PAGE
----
What if there was a way to communicate to your customers (and prospective patrons) that your small business was a welcoming environment that will offer service to anyone? Sounds like a great idea, right? One group of organized business owners are doing just that with their creation of the “Open to All” coalition. Is it truly, however, the answer to today’s polarized consumer?
What is the Open to All Coalition?
A recent AP article credits the movement to big brands Levi Strauss, Yelp, and Lyft, who have a record of being change-makers in their industries. 1,200 business have claimed to be on board, as well, and their efforts have been centralized through an Open to All website with branded outreach materials, educational articles, and support for businesses who want to get involved.
So, what does it mean? Inspired, in part, by the recent Supreme Court’s decision in the Masterpiece Cakeshop vs. Colorado Civil Rights Commission case, the website states this mission:
Open to All is the nationwide public engagement campaign to build awareness and understanding about the importance of our nation’s nondiscrimination laws—and to defend the bedrock principle that when businesses open their doors to the public, they should be Open to All
It hopes to provide businesses with the tools to provide products and services – without discrimination.
How Can You Participate?
Since Yelp is a major partner in the project, their review platform is one of the core pieces of the initiative. Businesses who commit to providing service to anyone can get an attribute on Yelp to indicate that they are, indeed, open to all. The “Yes/No” field will be populated in the “More Business Info” section, which also includes details such as whether a company accepts Bitcoin and if there are gender-neutral restrooms.
There are other materials stores can use to communicate the designation, including window stickers and digital marketing materials. By making the pledge, requesting the toolkit, and displaying the logo, you can join the cause.
What are you promising? Businesses must pledge to:
Maintain a welcoming and safe environment for people—including employees, visitors, customers, vendors and clients—regardless of race, ethnicity, national origin, sex, sexual orientation, gender identity and expression, religion or disability.
Law already protects many of these. In fact, the Civil Rights Act of 1964 makes it illegal to refuse service in public places due to race, color, religion, sex, or national origin. When it comes to sexual orientation, however, just 21 states and District of Columbia require businesses to serve everyone. The pledge places the responsibility to uphold regulations – and even extend beyond them – on the business owner. It’s a proactive approach to “not discriminate against any individuals or deny them goods or services based on any of these characteristics, and to provide all goods and services to everyone on the same terms” no matter the law of the land at the time or what any court ruling allows.
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Here’s What Opponents Say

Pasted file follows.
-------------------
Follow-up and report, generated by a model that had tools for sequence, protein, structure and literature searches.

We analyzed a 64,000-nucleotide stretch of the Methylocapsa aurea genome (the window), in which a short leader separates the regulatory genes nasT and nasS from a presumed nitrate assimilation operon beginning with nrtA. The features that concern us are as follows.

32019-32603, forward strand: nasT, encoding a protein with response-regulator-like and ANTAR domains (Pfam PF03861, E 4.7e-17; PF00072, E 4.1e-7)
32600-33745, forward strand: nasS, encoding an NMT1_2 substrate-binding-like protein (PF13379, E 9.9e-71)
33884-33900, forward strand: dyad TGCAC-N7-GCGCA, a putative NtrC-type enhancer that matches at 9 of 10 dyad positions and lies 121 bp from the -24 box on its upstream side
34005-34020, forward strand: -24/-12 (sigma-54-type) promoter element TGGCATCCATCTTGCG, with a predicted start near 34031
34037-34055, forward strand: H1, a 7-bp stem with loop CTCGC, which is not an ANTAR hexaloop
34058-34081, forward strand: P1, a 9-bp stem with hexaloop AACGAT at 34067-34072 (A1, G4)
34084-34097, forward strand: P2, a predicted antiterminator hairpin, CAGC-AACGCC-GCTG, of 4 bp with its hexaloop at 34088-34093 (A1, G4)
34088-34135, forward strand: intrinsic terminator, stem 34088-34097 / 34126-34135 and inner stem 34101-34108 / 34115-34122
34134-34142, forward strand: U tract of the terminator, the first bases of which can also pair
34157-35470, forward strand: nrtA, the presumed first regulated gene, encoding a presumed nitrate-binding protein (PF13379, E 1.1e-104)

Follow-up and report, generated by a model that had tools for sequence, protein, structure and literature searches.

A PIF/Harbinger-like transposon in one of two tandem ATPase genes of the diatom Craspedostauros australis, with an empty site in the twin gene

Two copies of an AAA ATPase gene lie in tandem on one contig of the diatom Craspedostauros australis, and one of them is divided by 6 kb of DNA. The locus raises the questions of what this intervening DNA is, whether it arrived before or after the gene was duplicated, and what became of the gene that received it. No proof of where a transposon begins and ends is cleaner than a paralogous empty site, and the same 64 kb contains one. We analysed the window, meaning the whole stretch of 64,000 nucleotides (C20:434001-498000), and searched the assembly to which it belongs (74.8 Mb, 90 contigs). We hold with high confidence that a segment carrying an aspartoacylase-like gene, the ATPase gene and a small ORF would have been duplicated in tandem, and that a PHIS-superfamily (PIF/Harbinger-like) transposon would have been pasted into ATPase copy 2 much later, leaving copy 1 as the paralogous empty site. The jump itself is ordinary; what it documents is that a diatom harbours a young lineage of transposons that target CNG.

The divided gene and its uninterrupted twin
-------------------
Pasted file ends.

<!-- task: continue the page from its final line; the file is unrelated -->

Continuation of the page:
Serving everyone is a good thing, right? According to the group’s founders, the organization simply wants to create a more welcoming business environment for all customers, no matter who they are. Some businesses, however, feel that joining any movement – even one based on inclusivity – has the potential to divide. Many already display their own homemade “Everyone welcome” signs and claim that they don’t need a third-party group to grant them status. Some have taken to add a few categories to their own inclusivity policies to make sure people of any political affiliation, dress code, or age can buy their goods and services. With this in place, they have no interest to join an outside group.
Others are worried that the campaign, which was started by the Movement Advancement Project (which advocates for LGBT people through their data collection and public policy), may take an otherwise seemingly impartial business and cause unnecessary attention. Loyal customers who don’t know about the campaign, or perceive it to be left-leaning, may decide a business is taking sides on a host of other (possibly unrelated) issues. The efforts to bring people together may have the opposite effect, and some worry it could drive customers away. They choose, instead, to let their excellent service do the talking.
Other Things to Consider
The good news is that, if you own your own business, you can choose if the campaign is right for you. With many companies desperately searching for a way to communicate that they are completely “open to all,” the movement couldn’t have come at a better time. The pledge that business owners are required to make falls in line with most businesses personal ethos, anyway; the community that will likely form around the campaign could be a great way to reach out to other like-minded businesses and get recognition on Yelp for your efforts. Customers will eventually seek out just these companies, so it’s an easy way to communicate your alignment with an open-door policy.
Before you sign up, make sure you are following the rules. Some franchises do not allow additional signage beyond what’s provided by their brand team. (Target, for example, has a no third-party sticker policy and has opted out of the program.) If you are already displaying signage letting customers know that everyone is welcome, the program provides a more uniform approach to fighting discrimination and holds the possibility to gain traction among active groups of shoppers who do more value-based shopping. Those seeking out Open to All businesses will see the designation, and it will be an easy choice for them to make.
Just be sure that you truly are “open to all.” Your customers will certainly be expecting it.
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